My proposal to split the Ninth Circuit, in light of Senior United States Circuit Judge O'Scannlain's testimony today

Included at the link is a link to 59 pages of Senior United States Circuit Judge O’Scannlain’s testimony regarding the Ninth Circuit.

I have long advocated for a split of the 9th Circuit. It is not unprecedented in any way. The old 8th Circuit was divided into the modern 8th Circuit and modern 10th Circuit in the 1920’s. The old 5th Circuit was divided into the modern 5th Circuit and modern 11th Circuit in 1981. In both cases, the original circuits had become unwieldy.

Frankly, only political concerns stand in the way of something that should be done for a purely logical, non-political reason.

I would create three circuits from the current 9th Circuit.

  1. The new 9th Circuit, which would include only the State of California and its 4 Judicial Districts (Northern, Southern, Eastern and Central).

  2. The new 12th Circuit, which would include the States of Alaska, Hawaii, Oregon and Washington, plus Guam and the Northern Mariana Islands.

  3. The new 13th Circuit, which would include the States of Arizona, Idaho, Montana and Nevada.

The current 9th Circuit has 29 judgeships, I propose to add a total of 5 judgeships during the split, for a grand total of 34.

  1. The new 9th Circuit would have 20 total judgeships, including 16 that are currently stationed in California, plus 4 new judgeships.

  2. The new 12th Circuit would have 6 total judgeships, including 1 currently stationed in Alaska, 1 currently stationed in Hawaii, 2 currently stationed in Oregon and 2 currently stationed in Washington.

  3. The new 13th Circuit would have 8 total judgeships, including 3 currently stationed in Arizona, 1 currently stationed in Idaho, 1 new judgeship to be created in Idaho, 1 currently stationed in Montana and 2 currently stationed in Nevada.

Current active status judges would be assigned to the circuit corresponding to the State in which they are stationed. Senior status judges could elect their circuit assignment.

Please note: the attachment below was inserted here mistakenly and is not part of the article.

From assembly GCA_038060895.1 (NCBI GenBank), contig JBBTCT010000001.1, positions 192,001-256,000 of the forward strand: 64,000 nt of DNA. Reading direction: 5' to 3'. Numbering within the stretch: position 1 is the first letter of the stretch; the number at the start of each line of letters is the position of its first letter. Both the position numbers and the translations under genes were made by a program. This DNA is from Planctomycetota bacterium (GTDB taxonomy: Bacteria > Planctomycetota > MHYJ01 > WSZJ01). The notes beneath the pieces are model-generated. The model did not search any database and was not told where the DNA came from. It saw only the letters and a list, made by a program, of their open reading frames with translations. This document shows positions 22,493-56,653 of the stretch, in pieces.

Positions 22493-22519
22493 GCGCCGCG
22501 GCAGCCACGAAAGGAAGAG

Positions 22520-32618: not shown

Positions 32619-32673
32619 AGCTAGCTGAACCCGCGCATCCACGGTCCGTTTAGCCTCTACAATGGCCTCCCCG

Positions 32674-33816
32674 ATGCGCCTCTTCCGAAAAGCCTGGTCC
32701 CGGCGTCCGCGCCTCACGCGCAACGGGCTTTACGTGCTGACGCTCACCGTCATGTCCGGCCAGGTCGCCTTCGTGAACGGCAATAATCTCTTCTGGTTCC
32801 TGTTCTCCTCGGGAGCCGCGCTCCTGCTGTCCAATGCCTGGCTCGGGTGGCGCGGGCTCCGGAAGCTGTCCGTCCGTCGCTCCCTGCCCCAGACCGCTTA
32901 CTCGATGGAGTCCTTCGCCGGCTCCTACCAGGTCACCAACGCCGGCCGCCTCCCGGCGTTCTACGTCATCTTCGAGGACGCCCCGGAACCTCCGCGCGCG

California should be its own circuit. It hosts 4 District Courts and the Central District of California is second only to the Southern District of New York in number of cases. While the new 9th would still be the largest circuit in the land, it would now be geographically compact and would be capable of holding true en banc proceedings when needed, rather than the limited en banc panels currently used.

The new 12th & 13th Circuits would both be geographically expansive, but would be among the smallest in number of judges and caseloads, thus they could operate efficiently.

Since Trump has evidently brought this up again, I will bump this thread for sake of convenience.

I support a split of the Ninth Circuit, but NOT for Trump’s reasoning.

I would also point out to to Trump that you would still have ALL THE EXISTING Judges, just spread out over three circuits rather than confined to one.

I would note that the Ninth Circuit is NOT the most overturned, i believe that honor currently belongs to the Third Circuit, followed by the Sixth, Eleventh and Federal.

My reasons for splitting the Ninth Circuit are based in the interest of Justice and efficiency. The Ninth Circuit currently uses a limited en banc procedure that makes it impossible to gauge consensus on the circuit. The Ninth Circuit is both heavy population and geographically expansive, making it exceedingly difficult to bring together all 29 Judges.

As I describe in the OP post of this thread, I would create three circuits.